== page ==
USGS: Injection of fracking wastewater in deep disposal wells may have triggered spate of earthquakes

By Troy Hooper
Real AspenApril 20, 2012
Scientists say a spate of earthquakes in the middle of the United States is “almost certainly” man-made.

Since 2001, the average number of 3.0-or-greater earthquakes each year spiked significantly, culminating in a six-fold increase in 2011 over 20th century levels, according to a new U.S. Geological Survey abstract presented this week at a Seismological Society of America meeting.
A reading from the 5.6-magnitude earthquake in Oklahoma last year.
Okahoma Geological Survey


From 1970 until 2000, the middle of the country averaged 21 quakes, then the average jumped to 50 in 2009, 87 in 2010 and 134 in 2011. Government scientists examined regions where energy production changed in recent years and although the data doesn't suggest that hydraulic fracturing, or “fracking,” itself is inducing tremors, it did show that in some locations the increased seismic activity coincided with the injection of fracking wastewater in deep disposal wells.

“In preliminary findings, our scientists cite a series of examples for which an uptick in seismic activity is observed in areas where the disposal of wastewater through deep-well injection increased significantly. These areas tend to be in the middle of the country – mostly in Colorado, Texas, Arkansas, Oklahoma and Ohio,” David Hayes, deputy secretary of the U.S. Department of Interior, wrote in a recent blog that clarified the quakes were big enough to be felt by a great number of people but not big enough to do serious damage.

Scientists first tied the disposal of resource-extraction wastewater with the induction of earthquakes in a Colorado case dating back decades. They determined a swarm of small quakes were triggered by wastewater injections from 1962 to 1966 at the Rocky Mountain Arsenal well near Denver. They have also found the extraction of oil and gas can potentially trigger earthquakes when changes in the underground stresses created by the removal of huge volumes of oil, gas or water are large enough.

Although the U.S. Geological Survey characterizes the size of the earthquakes in its research as “fairly small,” a 5.6-magnitude earthquake and its aftershocks in Oklahoma last year damaged buildings and fueled speculation that the 181 injection wells used for oil and gas exploration in the vicinity caused it. A new study says the quake "was possibly triggered by fluid injection" at the nearby wastewater wells.

Earthquakes naturally occur around the world but the middle of the United States hasn't been known for having many of them — until fracking became mainstream. Last month, officials in Ohio said data "strongly indicates" a swarm of quakes there over a nine-month period last year were caused by the disposal of wastewater from natural gas extraction.

Concerns about the impacts of energy extraction, and fracking in particular, are mounting in resource-rich areas where residents are wary of the potential and actual impacts on air, water, noise, scenery and traffic. With the nation's leaders committed to boosting domestic energy supplies, U.S. oil and gas exploration is in full swing with 1,950 active rigs, according to Houston-based Baker Hughes.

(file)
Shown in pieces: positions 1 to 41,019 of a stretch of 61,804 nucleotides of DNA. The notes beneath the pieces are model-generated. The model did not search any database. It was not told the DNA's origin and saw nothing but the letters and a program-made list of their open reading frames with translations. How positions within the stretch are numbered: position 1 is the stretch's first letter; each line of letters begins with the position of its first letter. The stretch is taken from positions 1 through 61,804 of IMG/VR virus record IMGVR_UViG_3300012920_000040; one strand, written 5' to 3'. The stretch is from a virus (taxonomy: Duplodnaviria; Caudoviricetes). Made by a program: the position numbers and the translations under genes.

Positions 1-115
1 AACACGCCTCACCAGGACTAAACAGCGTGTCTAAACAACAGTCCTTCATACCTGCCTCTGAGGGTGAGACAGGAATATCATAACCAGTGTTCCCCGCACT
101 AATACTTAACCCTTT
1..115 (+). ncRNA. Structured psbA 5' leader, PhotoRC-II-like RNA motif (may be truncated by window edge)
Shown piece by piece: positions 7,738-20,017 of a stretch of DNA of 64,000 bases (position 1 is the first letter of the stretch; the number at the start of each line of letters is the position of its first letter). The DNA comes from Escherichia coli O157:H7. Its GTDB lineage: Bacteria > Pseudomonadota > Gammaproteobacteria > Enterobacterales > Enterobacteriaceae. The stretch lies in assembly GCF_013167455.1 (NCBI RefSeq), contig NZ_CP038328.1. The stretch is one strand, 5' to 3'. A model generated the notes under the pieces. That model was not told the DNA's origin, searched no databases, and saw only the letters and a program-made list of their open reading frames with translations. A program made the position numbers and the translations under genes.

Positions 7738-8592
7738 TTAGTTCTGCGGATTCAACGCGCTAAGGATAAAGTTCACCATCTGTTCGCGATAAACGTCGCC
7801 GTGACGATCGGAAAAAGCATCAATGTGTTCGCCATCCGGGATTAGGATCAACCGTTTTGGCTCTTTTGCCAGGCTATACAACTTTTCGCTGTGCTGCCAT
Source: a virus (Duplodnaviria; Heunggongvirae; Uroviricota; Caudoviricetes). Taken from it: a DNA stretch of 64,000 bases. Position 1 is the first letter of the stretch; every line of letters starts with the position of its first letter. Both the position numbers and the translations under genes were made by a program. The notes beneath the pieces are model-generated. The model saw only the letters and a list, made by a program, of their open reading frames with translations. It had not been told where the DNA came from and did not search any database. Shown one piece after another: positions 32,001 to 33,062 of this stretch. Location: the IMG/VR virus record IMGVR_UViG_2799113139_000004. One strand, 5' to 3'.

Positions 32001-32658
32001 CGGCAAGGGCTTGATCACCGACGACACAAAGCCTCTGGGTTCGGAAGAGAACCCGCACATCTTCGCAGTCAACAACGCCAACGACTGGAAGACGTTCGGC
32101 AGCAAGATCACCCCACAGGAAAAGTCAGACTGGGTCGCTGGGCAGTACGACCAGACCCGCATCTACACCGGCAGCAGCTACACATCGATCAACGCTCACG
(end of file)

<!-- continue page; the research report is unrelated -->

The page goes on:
President Obama recently issued an executive order to better coordinate fracking oversight with the establishment of an “interagency working group” with members from the Environmental Protection Agency, the Interior Department, Energy Department, National Economic Council and other bodies.

The president's announcement drew praise from oil and gas companies, which feared excessive and confusing rules from the 10 or more U.S. agencies that are considering new industry regulations.

U.S. Rep. Diana DeGette, D-Colorado and the author and lead sponsor of the Fracturing Responsibility and Awareness of Chemicals (FRAC) Act, also praised Obama's directive.

“The president’s creation of an interagency working group will help ensure that as multiple agencies work on common-sense approaches to address those concerns, they are effectively and efficiently coordinated. The group will help prevent redundancies, allow for greater sharing of information, and ensure all issues regarding the fracking process are considered collaboratively," DeGette said. "The interagency working group will also likely improve our ability to gain an objective, science-based understanding of the potential environmental health and safety risks of shale gas development without delay.”

In Colorado, fracking and the opposition to it are fierce.

Boulder County commissioners are scheduled to vote this afternoon on whether to modify or continue a moratorium on new oil and gas application. An anti-fracking group is planning a protest on the Pearl Street mall where they are calling for the commissioners to ban fracking throughout unincorporated Boulder County. On Tuesday, Longmont City Council, which also has a drilling moratorium in place, will consider its own oil and gas regulations. Other communities that are taking a close look at drilling regulations include Colorado Springs, Commerce City, Erie, Aurora, Arapahoe County, Douglas County, Elbert County, El Paso County and Huerfano County.

The EPA is also expected to issue new air-quality standards for drilling this week.

The U.S. Geological Survey, meanwhile, is continuing its research of induced seismicity. It has also partnered with universities to deploy seismometers at sites of known or possible injection-induced earthquakes in Arkansas, southern Colorado, Oklahoma, and Ohio.


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